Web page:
Reintroduce, reuse, recycle.
A lot of energy and angst was expended over the defunct Comcast – Time Warner – Charter mega-merger and market swap, much of it involving the California Public Utilities Commission’s review of the deal. With the abrupt end to the transaction, there’s nothing much left to do about it until the next dealmaker comes along to pick up the pieces. But it wasn’t all wasted work.
The process set the CPUC on the path to overseeing broadband infrastructure, services and markets in California. Coming as it did in the middle of the debate over imposing common carrier utility rules on the broadband industry, the Comcast deal turned a theoretical debate into practical deliberations over what should be done.
Last August, CPUC commissioner Carla Peterman and administrative law judge Karl Bemesderfer decided that their preliminary review of what was the relatively narrow issue of transferring control of Time Warner’s wholesale phone business and a relative handful of Charter private line customers to Comcast would take into account the wide open question of whether the broadband elements of the deal – which weren’t originally on the table – were in the public interest.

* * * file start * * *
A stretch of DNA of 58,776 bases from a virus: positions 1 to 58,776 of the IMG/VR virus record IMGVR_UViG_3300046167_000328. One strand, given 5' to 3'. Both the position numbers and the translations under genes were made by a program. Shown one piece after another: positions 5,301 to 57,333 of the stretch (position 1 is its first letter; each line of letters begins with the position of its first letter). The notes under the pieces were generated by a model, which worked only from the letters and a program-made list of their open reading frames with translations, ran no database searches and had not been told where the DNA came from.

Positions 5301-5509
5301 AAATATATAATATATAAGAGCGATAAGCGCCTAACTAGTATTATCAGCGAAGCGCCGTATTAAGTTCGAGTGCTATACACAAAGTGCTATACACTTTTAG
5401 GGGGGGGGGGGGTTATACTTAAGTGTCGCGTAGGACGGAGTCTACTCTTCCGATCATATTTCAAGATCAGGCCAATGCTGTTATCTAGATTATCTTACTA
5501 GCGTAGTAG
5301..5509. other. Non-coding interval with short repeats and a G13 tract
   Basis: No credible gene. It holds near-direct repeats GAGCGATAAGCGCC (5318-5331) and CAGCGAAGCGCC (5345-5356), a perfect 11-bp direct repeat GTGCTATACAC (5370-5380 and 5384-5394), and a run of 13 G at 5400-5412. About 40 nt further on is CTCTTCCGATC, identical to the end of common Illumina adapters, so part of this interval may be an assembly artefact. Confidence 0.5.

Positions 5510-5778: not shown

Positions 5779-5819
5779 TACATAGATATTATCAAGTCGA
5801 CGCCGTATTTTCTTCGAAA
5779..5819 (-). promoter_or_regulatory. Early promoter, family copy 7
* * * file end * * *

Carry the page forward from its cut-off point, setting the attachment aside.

That decision to roll broadband considerations into the review was a bold and controversial step. It was based primarily on a generous reading of a section of federal telecoms law that gives state utilities commissions the job of removing “barriers to infrastructure investment”. Cable and telephone companies hated it, consumer groups loved it and Comcast, particularly, vowed to fight it to the end.
Six months later, Bemesderfer drafted a decision for the full commission to consider that would have used that authority to impose stringent conditions on the deal. It was followed by the FCC’s decision to formally bring broadband under common carrier rules, which drew sharper lines around what might be done by state regulators, and then by a second draft decision, by commission Mike Florio, to kill the deal altogether.
With the collapse of the merger, though, there’s nothing for commissioners to actually adopt as policy, and no opportunity to see if it survives the inevitable legal challenges. But there is a solid record of debate and mounds of evidence regarding how much authority the CPUC has over broadband infrastructure and services in California. The next time the question comes up – perhaps as the commission ponders Frontier’s proposed purchase of Verizon’s wireline systems – we’ll already be a long way towards getting a definitive answer.